by Krešo Josić
Today, a paradox that puts into question free will. The University of Houston presents this series about the machines that make our civilization run, and the people whose ingenuity created them.
Ted Chiang, the author of the story that inspired the movie Arrival, often writes about time travel. In another story "The Merchant and the Alchemist's Gate" he imagines a door that takes people 20 years into the future, or 20 years into the past. The story revisits a classic paradox: Can a time-traveler from the future influence what we do? If yes, the future the traveler came from can be changed. If the time-traveler's own past is fixed, then so are our choices. But if our decisions and actions are fixed then do we have free will?
The theoretical physicist William Newcomb created a puzzle to test our thinking about such questions. Newcomb envisioned a being, say an alien, that can tell the future. The alien comes to Earth carrying two boxes - box A and box B - and places the two boxes in front of you. You can see that box B holds 1000 dollars. You can't see inside box A. The alien says: "You have two choices, you can open only box A, and take what is there, or you can open both boxes, and take what is in both. But know that I can tell the future: If I have foreseen that you will only choose box A, then I have placed a million dollars in it. If I have foreseen that you will open both boxes, then I have placed nothing in box A, and you will only get the 1000 dollars you see in box B." What will you do?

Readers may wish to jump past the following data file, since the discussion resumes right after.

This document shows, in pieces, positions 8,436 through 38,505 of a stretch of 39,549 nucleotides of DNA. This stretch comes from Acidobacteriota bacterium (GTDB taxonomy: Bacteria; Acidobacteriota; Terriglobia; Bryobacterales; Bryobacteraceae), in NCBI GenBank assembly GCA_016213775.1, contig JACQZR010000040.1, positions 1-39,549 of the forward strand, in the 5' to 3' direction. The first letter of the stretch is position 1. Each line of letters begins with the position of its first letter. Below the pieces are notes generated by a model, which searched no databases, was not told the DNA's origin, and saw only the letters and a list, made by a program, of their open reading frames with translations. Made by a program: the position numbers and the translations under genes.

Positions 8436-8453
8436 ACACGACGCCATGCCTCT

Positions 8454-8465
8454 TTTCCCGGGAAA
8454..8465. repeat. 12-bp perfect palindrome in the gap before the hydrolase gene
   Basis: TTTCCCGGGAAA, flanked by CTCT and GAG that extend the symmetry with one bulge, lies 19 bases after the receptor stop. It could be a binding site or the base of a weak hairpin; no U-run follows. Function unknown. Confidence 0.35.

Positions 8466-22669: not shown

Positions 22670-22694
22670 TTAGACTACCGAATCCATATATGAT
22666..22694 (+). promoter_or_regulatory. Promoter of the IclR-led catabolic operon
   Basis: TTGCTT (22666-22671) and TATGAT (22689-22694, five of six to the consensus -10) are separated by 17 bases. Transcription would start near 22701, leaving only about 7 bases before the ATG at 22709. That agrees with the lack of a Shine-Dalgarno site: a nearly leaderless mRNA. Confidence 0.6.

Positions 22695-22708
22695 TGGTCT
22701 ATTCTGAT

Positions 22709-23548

The table gives the payouts given the alien's prediction, and your actual choice.
You may be thinking that the answer is obvious. Most people do. However, people also don't seem to agree what that obvious answer is! Even professional philosophers have been at loggerheads over this puzzle. Some reason "The alien knows what I am going to do. Therefore, I should open only box A because knowing that I will choose to open only box A, the alien has placed a million dollars in it. If I were to open both boxes, the alien would have predicted my decision and would have left box A empty. I would then be left with only the 1000 dollars in box B". Others claim this is nonsense. They argue: "When the two boxes are placed in front of me box A either contains a million dollars, or it doesn't, and no one can change that. In either case I am better off choosing both boxes, since I will always end up with a 1000 dollars more if I open both, than if I just open box A!"
Newcomb's paradox seems contrived - not many of us have met all-knowing aliens. However, many people think they are good judges of character and claim they can predict what others will do. They are like the alien in the story: Suppose you meet such a person, and ask them to borrow 10 dollars which you will repay with interest. Now, will this good judge of character predict whether you will honor your promise, and give you the money only if you are trustworthy? Or are you free to choose whether to repay the money once you have it, making their predictions worthless.
We all constantly switch between the two sides in Newcomb's paradox: Like the alien, we forecast the future, and trust our predictions will be borne out. But at the same time, we want our choices to be free, and not preordained and predictable.
This is Krešo Josić at the University of Houston where we are interested in the way inventive minds work.
The paradox was first published by Robert Nozick, although it was formulated by William Newcomb. A lot has been written about Newcomb's paradox: here is a clear explanation of the paradox, and here is a good video.
There are many variants of the paradox, including the more relatable Parfit's Hitchiker, and the more abstract meta-Newcomb paradox. A mathematical treatment that makes it a bit clearer what is going on can be found here.
This episode was first aired on June 14, 2022